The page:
Shellac is a natural resin produced by an insect that lives in Thailand and some regions of India, which uses it to cling to the bark of trees.
Once harvested, after an initial purification process, it is presented in thin, very crumbly flakes, of an amber color.


The main features

It is easy to find in any fine arts shop and is generally sold in 1 kg bags, but it is usually also possible to buy them in fractions of 100 grams.

The key characteristics of shellac are its extraordinary durability and brilliance.
It is no coincidence that it was already used in the 1800s for the finishing of fine furniture, in particular by the French from whom the application and polishing technique was also copied, using a pad; in the past it was mainly used in casting for the production of decorations or small accessories.

Today it is mainly used in restoration and in violin making; in the furniture, even of value, it has been almost entirely replaced by synthetic paints.
Its application takes time and a lot of patience, but the final results are excellent, long-lasting and give the wood a lively and pleasantly soft appearance.

Since it is non-toxic, it is also sometimes used in the pharmaceutical industry for the production of pill coatings or in the agri-food sector as a fruit and vegetable polisher.

The preparation in alcohol solution

The most used solvent to dissolve it is ethyl alcohol, which I personally recommend with a concentration of at least 94 degrees, which is not the common alcohol found in the supermarket and that we often have at home.

The dilution process is very simple: what I report to you does not constitute an absolute rule and it is easy that there are very different opinions and techniques, however it is the result of consolidated experience and notions acquired by expert professionals.

The application of shellac generally takes place in 3 stages: drafting, roughing and polishing. For each of these phases it is advisable to prepare shellac with different dilutions.

The different dilutions

We will start with a 20% dilution, understood as the bottle volume / weight ratio of shellac, or in a 1 liter bottle (better than transparent plastic to preserve the escape of flammable alcohol in case of breakage) we will pour 200 grams of shellac and we will fill the bottle with alcohol to the end.
The shellac will immediately begin to melt with a consequent decrease in volume, but no more alcohol must be added. Let it rest for at least one night and, the following day, shake the contents well and filter everything into a new bottle using a funnel with a common women’s stocking type tights inside.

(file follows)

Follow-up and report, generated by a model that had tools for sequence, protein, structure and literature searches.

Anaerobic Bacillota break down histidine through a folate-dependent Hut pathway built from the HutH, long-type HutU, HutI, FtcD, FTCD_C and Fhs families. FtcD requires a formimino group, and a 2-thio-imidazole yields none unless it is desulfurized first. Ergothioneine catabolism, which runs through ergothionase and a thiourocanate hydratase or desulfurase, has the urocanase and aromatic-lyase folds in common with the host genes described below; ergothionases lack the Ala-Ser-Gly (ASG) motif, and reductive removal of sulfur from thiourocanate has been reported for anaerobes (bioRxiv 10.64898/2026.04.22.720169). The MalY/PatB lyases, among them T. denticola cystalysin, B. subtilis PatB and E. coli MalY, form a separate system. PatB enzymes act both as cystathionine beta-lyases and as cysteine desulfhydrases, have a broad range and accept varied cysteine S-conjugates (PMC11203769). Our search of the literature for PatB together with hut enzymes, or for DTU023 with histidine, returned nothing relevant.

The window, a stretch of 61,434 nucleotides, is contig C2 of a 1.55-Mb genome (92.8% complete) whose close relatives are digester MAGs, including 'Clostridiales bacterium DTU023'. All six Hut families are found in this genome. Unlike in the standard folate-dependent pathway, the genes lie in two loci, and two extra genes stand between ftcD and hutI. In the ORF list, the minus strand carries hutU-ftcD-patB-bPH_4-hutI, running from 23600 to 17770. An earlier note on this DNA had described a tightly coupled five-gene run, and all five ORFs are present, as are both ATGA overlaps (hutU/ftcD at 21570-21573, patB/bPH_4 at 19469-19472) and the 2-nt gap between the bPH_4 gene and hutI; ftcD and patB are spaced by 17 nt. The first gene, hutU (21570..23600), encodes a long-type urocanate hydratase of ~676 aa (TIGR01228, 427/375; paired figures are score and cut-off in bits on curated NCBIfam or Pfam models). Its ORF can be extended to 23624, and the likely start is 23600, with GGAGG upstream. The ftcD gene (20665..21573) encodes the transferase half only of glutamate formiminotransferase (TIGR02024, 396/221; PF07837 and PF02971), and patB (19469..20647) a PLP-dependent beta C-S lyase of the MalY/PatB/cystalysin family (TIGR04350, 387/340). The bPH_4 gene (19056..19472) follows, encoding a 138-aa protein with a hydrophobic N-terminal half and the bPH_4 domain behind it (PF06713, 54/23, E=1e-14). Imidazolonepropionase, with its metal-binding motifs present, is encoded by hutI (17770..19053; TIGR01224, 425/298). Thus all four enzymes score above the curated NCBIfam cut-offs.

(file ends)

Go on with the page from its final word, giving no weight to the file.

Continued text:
Our shellac is ready to be used.

Obviously, smaller quantities can also be used, as long as the volume / weight ratio is respected.
For example, for a half liter bottle, we will use 100 grams of shellac to obtain a 20% dilution.

On the basis of what is written above we will also prepare a 10% dilution (so in the case of a 1 liter bottle use 100 grams of shellac and a lot of alcohol until it is filled) and a 5% dilution (50 grams of shellac for the one liter bottle ).

Eventually, useful if we need small quantities, we can also lengthen the already prepared 20% solution to obtain intermediate dilutions: if we pour the 20% solution up to half of it into a half liter bottle and fill the rest of alcohol we will get ready immediately a 10% dilution and so on.

I also use a 2.5% dilution for the final polish.

The polishing pad

There are ready-made pad, but I do not recommend buying them because of their cost.
It is better to be able to adapt them according to the surface we want to trea: the size of the pad in fact must be adequate to the size of the piece that must receive the finish.

The outer layer of a pad is made of a square-sized cotton cloth. The interior, or core, is made up of cotton which forms the absorbent material, wrapped in a woolen cloth that will release small amounts of paint.

Soak the cotton and with the woolen cloth we form a small ball, wrap everything in the cotton cloth, making sure there are no wrinkles on the pad support surface, squeeze it a little to flatten it and our pad is ready.

The application of shellac: brush or swab